After four decades, the state may see a change in the system of governance. The bureaucrat-centric single line administration introduced in 1976 and diluted over time may be replaced by a legislator-oriented governance system (LOGS). The proposal mooted by Finance Minister, in the current budget discussion, is going to come up for discussion in the House early next month. This was confirmed by Parliamentary Affairs Minister AR Veeri.
J&K assembly will discuss a paradigm shift that could re-link lawmakers with development and cleanse the process from bureaucratic prioritization. The objective may address the increasing turf battle between lawmakers and the Panchayats, especially after the latter became custodians of the gross-root funding directly routed to them from centre.
The discussion is in response to the suggestion of Finance Minister Dr Haseeb Drabu who said government's service delivery in the existing maze of systems is difficult, costly and in certain cases impossible. Recreating a viable structure, he told the assembly while winding up the debate on grants pertaining to his ministries, is a must and that should have focus on relevance of MLAs as the main custodian of a constituency's priorities. "Increase in CDF can never help improve the system but linking development with the lawmaker can improve service delivery at normal costs, faster and enhance transparency," he told the House. The lawmakers have been seeking a hike in the CDF to Rs 5 crore a year.
Deconstructing the existing governance structure, Drabu said JK has a twin set-up, though separated by more than half a century, running parallel and sometimes independent of each other. "The revenue system encompassing districts and tehsils was set up in 1892 with focus on revenue collection, and then in 1950s blocks were set up as basic developmental units," Drabu said. "On the one hand, with the land revenue collection becoming history, the revenue set-up is now just a record keeper and on the other hand with the winding up of Planning Commission of India, the blocks have become redundant."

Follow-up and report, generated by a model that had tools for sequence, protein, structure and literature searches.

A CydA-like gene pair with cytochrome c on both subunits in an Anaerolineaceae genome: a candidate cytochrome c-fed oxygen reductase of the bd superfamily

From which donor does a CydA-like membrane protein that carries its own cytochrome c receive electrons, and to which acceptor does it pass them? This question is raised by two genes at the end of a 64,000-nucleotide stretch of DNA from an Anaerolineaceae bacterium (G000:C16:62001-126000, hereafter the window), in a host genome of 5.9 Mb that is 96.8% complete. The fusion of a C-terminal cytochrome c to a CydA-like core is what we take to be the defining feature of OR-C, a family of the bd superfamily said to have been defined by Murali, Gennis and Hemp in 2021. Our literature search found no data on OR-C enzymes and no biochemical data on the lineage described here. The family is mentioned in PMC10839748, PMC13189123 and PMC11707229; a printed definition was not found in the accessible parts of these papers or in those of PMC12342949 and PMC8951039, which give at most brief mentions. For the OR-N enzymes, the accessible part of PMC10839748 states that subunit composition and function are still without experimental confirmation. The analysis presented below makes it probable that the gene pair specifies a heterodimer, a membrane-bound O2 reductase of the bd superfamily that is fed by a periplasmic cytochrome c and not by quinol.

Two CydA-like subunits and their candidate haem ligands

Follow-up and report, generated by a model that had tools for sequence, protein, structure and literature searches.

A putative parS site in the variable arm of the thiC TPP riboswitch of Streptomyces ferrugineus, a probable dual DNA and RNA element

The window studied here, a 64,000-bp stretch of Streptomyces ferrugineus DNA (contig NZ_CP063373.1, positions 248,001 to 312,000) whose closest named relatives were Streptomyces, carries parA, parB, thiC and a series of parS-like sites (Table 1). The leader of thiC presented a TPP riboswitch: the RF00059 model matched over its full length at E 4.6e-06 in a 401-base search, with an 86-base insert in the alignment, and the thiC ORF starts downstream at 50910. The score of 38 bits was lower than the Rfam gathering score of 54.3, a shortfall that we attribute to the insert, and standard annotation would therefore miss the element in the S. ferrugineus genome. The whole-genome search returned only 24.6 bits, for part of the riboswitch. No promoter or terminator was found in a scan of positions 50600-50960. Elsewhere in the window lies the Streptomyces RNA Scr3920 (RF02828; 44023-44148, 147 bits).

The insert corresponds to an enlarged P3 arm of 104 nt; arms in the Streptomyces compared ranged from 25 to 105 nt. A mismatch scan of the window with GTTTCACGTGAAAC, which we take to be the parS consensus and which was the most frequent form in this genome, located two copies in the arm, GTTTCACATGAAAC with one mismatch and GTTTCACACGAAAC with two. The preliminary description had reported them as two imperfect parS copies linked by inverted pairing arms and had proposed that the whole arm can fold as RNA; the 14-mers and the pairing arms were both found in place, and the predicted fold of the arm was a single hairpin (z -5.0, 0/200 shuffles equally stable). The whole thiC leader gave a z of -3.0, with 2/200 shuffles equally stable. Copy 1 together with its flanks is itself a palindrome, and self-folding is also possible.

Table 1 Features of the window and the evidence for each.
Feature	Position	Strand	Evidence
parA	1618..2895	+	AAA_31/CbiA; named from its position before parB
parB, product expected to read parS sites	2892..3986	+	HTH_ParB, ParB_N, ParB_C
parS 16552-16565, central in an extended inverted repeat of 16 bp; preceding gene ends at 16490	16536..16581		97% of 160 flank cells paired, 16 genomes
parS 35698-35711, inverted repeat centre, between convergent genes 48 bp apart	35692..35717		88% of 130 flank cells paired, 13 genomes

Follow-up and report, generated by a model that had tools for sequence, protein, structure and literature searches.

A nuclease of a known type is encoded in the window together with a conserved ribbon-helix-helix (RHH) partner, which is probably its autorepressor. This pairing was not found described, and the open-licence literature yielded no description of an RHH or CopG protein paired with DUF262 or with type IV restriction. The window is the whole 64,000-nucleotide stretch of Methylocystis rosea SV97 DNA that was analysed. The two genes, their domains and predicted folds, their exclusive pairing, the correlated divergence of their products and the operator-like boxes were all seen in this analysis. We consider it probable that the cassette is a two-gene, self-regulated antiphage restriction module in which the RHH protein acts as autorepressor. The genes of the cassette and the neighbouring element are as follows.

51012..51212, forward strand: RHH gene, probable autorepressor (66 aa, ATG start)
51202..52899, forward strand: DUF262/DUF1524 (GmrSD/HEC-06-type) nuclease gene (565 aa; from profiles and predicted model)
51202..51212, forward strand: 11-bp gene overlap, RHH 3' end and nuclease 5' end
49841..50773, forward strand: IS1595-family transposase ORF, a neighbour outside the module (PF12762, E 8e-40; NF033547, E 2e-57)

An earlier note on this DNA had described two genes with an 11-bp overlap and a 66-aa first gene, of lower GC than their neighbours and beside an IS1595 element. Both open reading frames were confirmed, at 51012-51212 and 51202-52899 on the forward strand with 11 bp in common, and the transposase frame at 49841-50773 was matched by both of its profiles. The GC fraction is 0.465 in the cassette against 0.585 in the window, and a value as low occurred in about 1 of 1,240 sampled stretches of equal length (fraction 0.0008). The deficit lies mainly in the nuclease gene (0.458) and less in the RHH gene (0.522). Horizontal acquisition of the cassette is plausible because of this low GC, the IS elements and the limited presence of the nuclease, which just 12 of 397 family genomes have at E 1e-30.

Drabu said the emergence of panchayats as the other layer of development will soon start posing challenges with the lawmaker becoming the first target. This tension, he insisted, will soon start disrupting the systems in place.
The other problem that the system faces is proliferation of nodal points for service delivery. "One person in one constituency has to go to five places for five services because he has police station at one place, ZEO is at another village, tehsildar at other place, medical block somewhere else," Drabu said. "In certain cases part of a block falls in one district and the remaining part in other one which has created developmental no-man's lands."
Asserting that separating development from administration is the only solution with focus on a constituency as the basic development unit, just a notch above the block. He believes that every assembly segment should have two blocks co-terminus with the constituency and MLA should function like a Chief Executive Officer (CEO) of the constituency. This, he said, will reinvent the role of the lawmaker with the people he represents and help him sit at the top decision-making level in developmental process within the available kitty to the area's diverse requirements across sectors. All the educational, developmental, medical and other blocks should operate from one place in a block. This system, he believes, will reduce the costs of service delivery, add accountability and bring overall efficiency to the system.
While the Parliamentary Affairs Ministry has announced that the legislatures will discuss the issue for half day – the other half day would go to GST, again on Drabu's suggestion – the idea seemingly has started being positively responded. On Monday, various legislators including Hakim Yasin, Mohammad Yousuf Tarigami, Ghulam Mohammad Saroori referred to the suggestions made by Drabu.